>> > Subject: Re: Denial of service attacks apparently from UUNET Netblocks
>> > Steve Mansfield writes...
>> > [snip snip snip]
>> > > S'okay. Have the feds subpoena UUNET for the connect logs for these
>> > > max'es. UUNET keeps the logs and is capable, given the exact time
>> > > attack(s), of going through the logs, identifying exactly who it
>> > > if it's one of their customers, giving the personal info to the feds.
>> > > If it's a reseller's customer, they can get the user info and
forward it to
>> > > the reseller and inform the feds who they need to talk to for the
>> > > info. Whoever it was is as good as nailed.
>> > Unless it was a stolen account. With more and more "naive" users coming
>> > online, the chance of this kind of thing happening is greater and
>> > You can shut off the account. Feds can visit the home of whoever owns
>> > account. They can even be blocked from ever getting any account at any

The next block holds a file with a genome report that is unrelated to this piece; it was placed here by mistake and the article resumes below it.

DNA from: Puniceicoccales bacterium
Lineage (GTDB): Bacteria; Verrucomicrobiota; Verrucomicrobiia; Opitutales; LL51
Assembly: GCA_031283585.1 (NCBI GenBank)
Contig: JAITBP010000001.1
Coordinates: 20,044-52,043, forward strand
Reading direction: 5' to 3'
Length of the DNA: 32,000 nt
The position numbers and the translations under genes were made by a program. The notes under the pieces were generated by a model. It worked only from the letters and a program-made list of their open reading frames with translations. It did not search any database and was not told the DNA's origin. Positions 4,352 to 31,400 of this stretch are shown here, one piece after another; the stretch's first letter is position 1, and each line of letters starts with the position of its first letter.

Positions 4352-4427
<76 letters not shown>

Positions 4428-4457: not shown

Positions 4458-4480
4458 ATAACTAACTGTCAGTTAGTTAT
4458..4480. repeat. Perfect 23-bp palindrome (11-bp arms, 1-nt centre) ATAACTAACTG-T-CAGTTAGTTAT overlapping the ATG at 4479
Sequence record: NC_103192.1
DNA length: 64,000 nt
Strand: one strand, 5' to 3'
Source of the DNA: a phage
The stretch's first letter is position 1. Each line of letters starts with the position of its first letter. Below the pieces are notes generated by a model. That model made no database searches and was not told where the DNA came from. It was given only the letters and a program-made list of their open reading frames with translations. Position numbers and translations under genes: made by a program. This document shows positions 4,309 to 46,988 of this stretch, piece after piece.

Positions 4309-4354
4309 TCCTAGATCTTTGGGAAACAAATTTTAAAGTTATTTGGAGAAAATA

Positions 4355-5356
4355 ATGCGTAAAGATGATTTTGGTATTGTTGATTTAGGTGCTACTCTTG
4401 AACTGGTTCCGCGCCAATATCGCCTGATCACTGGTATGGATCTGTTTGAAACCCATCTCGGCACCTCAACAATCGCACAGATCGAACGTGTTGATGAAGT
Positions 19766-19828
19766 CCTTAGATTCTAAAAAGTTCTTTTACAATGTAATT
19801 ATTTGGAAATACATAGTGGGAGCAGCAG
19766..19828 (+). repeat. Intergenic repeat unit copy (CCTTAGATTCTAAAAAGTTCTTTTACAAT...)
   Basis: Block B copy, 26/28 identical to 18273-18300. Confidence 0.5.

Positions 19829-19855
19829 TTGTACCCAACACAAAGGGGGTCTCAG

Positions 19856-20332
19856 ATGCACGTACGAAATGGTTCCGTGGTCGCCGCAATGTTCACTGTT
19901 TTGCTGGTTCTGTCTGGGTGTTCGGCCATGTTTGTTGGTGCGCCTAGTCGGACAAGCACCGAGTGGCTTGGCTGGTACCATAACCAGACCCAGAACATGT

>> > ISP for life. But if this possibility is fact, you won't have the perp
>> > and they can attack again.
>> > Now if the telco has records of all the phone calls you can find out
>> > the calls actually came from. Maybe that's the perp. Maybe not.
>> > What is ultimately needed is some better real time detection of this kind
>> > of thing sufficiently deployed so that it is present on all routers where
>> > the exposure exists. You may not catch the perp, but you might reduce
>> > damage it causes.
>> > How to encourage this to be done is left as an exercise for the reader.
>> > --
>> > Phil Howard
>> > KA9WGN | House committee changes freedom bill to privacy
invasion !! |
>> > phil at | more info:
>> > milepost.com